VICTORIA -- Heading out on the ocean might seem like the perfect way to physically distance and get some fresh air, but as warmer weather nears, another concern is emerging.

Regional superintendent for the Canadian Coast Guard Susan Pickrell says the agency is working on a plan to prevent visits from American boaters.

“Right now, we’d like to think our friends to the south of us will be staying at home and won’t be coming up to Canada, especially when we have a closed border,” says Pickrell.

The coast guard says it has already seen an increase in search and rescue calls compared to last year. 

“It puts a real strain on our resources and mainly our supply of personal protective equipment,” says Pickrell.

On Friday, the coast guard's assistant commissioner wrote a letter to mariners asking them to think twice about boating during the coronavirus outbreak.

“We are navigating uncharted waters right now, and it is up to all of us to do our part to reduce the spread of COVID-19,” said Roger Girouard.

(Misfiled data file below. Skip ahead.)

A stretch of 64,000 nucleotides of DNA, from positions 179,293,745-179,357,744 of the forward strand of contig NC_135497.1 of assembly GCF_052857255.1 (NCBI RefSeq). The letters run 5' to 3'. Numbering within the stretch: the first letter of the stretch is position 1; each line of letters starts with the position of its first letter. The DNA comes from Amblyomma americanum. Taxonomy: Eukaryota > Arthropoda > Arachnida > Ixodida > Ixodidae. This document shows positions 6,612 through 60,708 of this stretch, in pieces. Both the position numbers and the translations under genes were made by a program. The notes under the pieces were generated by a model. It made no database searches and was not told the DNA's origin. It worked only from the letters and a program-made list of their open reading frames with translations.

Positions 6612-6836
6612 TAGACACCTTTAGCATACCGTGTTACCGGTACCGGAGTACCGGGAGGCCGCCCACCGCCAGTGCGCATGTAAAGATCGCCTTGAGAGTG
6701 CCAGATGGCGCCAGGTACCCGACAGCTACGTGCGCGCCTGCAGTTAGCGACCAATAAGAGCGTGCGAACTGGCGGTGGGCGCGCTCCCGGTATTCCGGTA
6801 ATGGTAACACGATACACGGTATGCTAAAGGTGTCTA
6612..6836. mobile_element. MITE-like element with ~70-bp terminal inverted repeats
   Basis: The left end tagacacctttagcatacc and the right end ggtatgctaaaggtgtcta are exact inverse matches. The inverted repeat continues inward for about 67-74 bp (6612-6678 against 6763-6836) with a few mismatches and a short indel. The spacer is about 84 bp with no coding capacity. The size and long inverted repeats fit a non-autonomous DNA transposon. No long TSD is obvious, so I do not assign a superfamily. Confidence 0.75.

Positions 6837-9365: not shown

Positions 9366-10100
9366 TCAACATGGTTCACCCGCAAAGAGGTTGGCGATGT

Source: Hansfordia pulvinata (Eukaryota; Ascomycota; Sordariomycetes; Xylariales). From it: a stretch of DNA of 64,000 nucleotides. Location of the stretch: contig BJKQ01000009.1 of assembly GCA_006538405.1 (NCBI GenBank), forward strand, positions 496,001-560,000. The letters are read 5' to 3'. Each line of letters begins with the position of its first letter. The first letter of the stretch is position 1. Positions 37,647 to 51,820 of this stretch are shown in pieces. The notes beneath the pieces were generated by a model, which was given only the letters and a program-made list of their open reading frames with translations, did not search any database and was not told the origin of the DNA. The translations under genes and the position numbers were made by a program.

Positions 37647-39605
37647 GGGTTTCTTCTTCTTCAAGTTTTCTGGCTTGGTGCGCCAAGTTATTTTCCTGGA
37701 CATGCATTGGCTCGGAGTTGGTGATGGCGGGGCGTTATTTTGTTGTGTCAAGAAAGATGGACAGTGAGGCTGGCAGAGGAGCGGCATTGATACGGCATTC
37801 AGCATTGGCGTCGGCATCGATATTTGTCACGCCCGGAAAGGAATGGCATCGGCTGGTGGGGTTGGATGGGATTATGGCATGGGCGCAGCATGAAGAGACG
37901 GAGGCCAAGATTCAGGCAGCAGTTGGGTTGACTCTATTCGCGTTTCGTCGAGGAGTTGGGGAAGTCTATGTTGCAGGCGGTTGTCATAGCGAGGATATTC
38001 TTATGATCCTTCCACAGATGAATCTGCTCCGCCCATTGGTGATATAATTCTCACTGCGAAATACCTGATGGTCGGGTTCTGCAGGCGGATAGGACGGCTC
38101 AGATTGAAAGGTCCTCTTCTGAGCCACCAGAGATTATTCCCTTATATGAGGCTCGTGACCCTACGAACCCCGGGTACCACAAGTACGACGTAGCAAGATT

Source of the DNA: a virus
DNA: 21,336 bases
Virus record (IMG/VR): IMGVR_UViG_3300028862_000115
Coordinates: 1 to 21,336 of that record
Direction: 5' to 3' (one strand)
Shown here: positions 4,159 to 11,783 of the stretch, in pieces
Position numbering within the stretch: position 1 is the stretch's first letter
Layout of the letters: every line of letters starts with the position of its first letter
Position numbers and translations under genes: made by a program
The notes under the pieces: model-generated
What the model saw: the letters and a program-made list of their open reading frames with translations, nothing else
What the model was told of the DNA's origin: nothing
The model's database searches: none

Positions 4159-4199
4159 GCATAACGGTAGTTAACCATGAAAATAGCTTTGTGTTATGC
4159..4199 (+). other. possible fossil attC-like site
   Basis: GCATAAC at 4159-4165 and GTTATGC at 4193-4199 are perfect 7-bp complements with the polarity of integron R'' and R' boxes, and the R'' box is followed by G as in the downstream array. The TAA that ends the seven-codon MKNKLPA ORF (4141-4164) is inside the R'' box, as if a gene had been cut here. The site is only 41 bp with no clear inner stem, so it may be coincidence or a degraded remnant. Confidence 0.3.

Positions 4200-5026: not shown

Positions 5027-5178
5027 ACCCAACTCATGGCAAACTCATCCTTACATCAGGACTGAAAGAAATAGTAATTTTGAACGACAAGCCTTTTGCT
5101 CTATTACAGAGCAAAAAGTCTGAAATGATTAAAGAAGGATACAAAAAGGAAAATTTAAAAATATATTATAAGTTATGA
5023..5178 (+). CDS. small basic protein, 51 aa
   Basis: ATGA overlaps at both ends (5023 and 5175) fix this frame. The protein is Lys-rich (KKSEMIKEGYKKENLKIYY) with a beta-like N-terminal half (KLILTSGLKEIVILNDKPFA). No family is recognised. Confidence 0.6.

“It’s time to take those principles to heart, keeping an eye to being on the water without impacting others.”

One Sidney marina sees a large number of American boaters for vessel repairs. 

“We have an international reputation, we have 19 different businesses that operate out of this marina,” says Canoe Cove general manager Don Prittie. 

“There are lots of non-resident customers that come and spend their money in Canada.”

Canoe Cove has been deemed an essential service as it is a port for smaller Gulf Islands. There is also a marine ambulance based there.

Prittie says his biggest concern is people not taking physical distancing seriously when the long weekends approach. 

“Don’t be foolish and have a big party,” he says. 

The coast guard says it is working with partners to come up with a plan to discourage boaters from making non-essential trips, including American boaters who should not be travelling for pleasure purposes.